Harmony Energy Income C share raises £15m against “a very challenging market backdrop”

Harmony Energy Income (HEIT) has announced the results of its C share issue that was announced on 28 September 2022 (click here to see our coverage of this). HEIT has raised gross proceeds for the C share issue of around £15m, which will be used to fund the acquisition of projects in its pipeline (totaling 182 MW / 364 MWh). It will also be issuing at least 7 million C shares (at an effective price of 100p per C share) as consideration shares to acquire projects in its pipeline. HEIT and its adviser have thanked investors for their support in what has been a very challenging environment (the issue had a maximum size of £130m). The issues around this were discussed in our recent QD view, which you can click here to read.

Right of first refusal

HEIT says that the fundraising will enable it to exercise its right of first refusal on the projects in its pipeline and will allow it to secure these at an attractive entry point. The acquisitions are subject to final due diligence and independent valuation, which will determine the acquisition value to be met through a combination of cash and additional C share issuance. HEIT’s investment adviser says that it has identified potential alternative funding options for construction, with the intention of progressing the projects within the existing grid energisation timeframes. This should the projects commence commercial operations in 2024.

HEIT’s portfolio

The new projects, when acquired, will increase HEIT’s portfolio to 9 BESS (battery energy storage systems) projects with a total capacity of around 500MW / 1GWh. The Company’s Pillswood project (99MW / 198 MWh) is scheduled to commence operations in November 2022 and is expected to be the UK’s largest operational BESS project by MWh.

Comments from Norman Crighton, HEIT’s chairman

“I would like to thank investors for all their engagement in the process and support for the proposition, whilst recognizing that the pressures from the market and economic uncertainty have severely limited their ability to commit capital currently. HEIT’s unique advantage of having a defined pipeline of an additional 500 MW / 1 GWh BESS projects with grid energisation timelines between now and the end of 2025 means it can continue to access very attractive 2-hour duration BESS projects which are not readily available on the open market at attractive pricing levels. The Company will now look to bring those projects into the Company’s portfolio in line with its right of first refusal.”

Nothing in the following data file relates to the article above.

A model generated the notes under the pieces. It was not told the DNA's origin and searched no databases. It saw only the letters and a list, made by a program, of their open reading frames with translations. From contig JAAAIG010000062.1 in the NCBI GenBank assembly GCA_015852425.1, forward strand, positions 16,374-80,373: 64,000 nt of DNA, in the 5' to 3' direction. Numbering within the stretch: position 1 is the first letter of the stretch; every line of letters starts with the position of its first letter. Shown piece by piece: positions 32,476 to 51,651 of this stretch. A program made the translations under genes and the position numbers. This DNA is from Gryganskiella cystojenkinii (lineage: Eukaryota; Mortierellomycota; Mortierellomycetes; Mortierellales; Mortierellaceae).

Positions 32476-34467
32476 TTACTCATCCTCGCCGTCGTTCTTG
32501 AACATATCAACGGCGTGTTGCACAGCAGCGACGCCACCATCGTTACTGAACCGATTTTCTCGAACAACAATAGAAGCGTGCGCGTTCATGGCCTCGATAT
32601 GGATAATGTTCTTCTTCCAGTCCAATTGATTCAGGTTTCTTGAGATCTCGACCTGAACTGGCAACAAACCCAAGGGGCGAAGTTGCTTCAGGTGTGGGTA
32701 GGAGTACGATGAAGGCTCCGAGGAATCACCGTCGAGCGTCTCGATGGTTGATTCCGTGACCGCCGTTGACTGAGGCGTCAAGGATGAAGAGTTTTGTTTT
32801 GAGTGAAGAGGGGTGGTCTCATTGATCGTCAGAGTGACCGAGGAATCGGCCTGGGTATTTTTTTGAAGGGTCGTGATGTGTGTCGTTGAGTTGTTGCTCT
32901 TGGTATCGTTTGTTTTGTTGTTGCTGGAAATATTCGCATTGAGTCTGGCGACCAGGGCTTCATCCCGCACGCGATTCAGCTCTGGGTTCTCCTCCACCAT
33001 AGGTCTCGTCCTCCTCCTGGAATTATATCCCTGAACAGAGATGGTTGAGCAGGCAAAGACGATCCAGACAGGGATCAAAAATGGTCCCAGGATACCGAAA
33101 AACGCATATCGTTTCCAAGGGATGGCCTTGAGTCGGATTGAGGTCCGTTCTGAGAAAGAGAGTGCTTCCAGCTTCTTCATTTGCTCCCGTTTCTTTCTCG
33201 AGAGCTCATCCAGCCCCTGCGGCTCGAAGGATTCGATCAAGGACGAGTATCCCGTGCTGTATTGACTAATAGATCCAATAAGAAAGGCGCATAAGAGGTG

Comments from Paul Mason, Managing Director of Harmony Energy Advisors Limited

“It has been clear from our engagement with investors that there is consensus on the compelling case for acquiring the projects. We look forward to moving ahead with the projects.”

[QD comment: Given the turmoil in financial markets and the government’s latest U-turn, that is going to see it impose a windfall tax on renewable energy generators (despite the huge disincentive to invest this creates at a time when we need much much more renewable generating capacity) it is disappointing, but perhaps not surprising, that HEIT’s C share offering has raised just £15m. We are sure that the board, managers, and existing shareholders were hoping to see it grow by more, which would have been to the benefit of all stakeholders. The UK desperately needs more of the type of BESS systems that constitute HEIT’s pipeline and, if the current climate stops the market funding these sort of projects, society will lose as a whole. We hope that, as the dust settles, a more sensible energy policy emerges that will properly incentivise investment both in BESS systems, and renewable energy infrastructure more generally. If this proves to be the case, we hope that HEIT can return to the market in due course and expand. However, the greater risk, which has been seen in markets such as Spain, which changed the basis on which existing renewable energy investments were remunerated, is that the market takes a view that the rewards are no longer commensurate with the increased political risk and demands a far higher return – costing us all more in the long run. Cheap clean energy should be central to any developed country’s growth strategy and failure to manage this properly will put our chances of achieving our carbon reduction goals at serious risk.]

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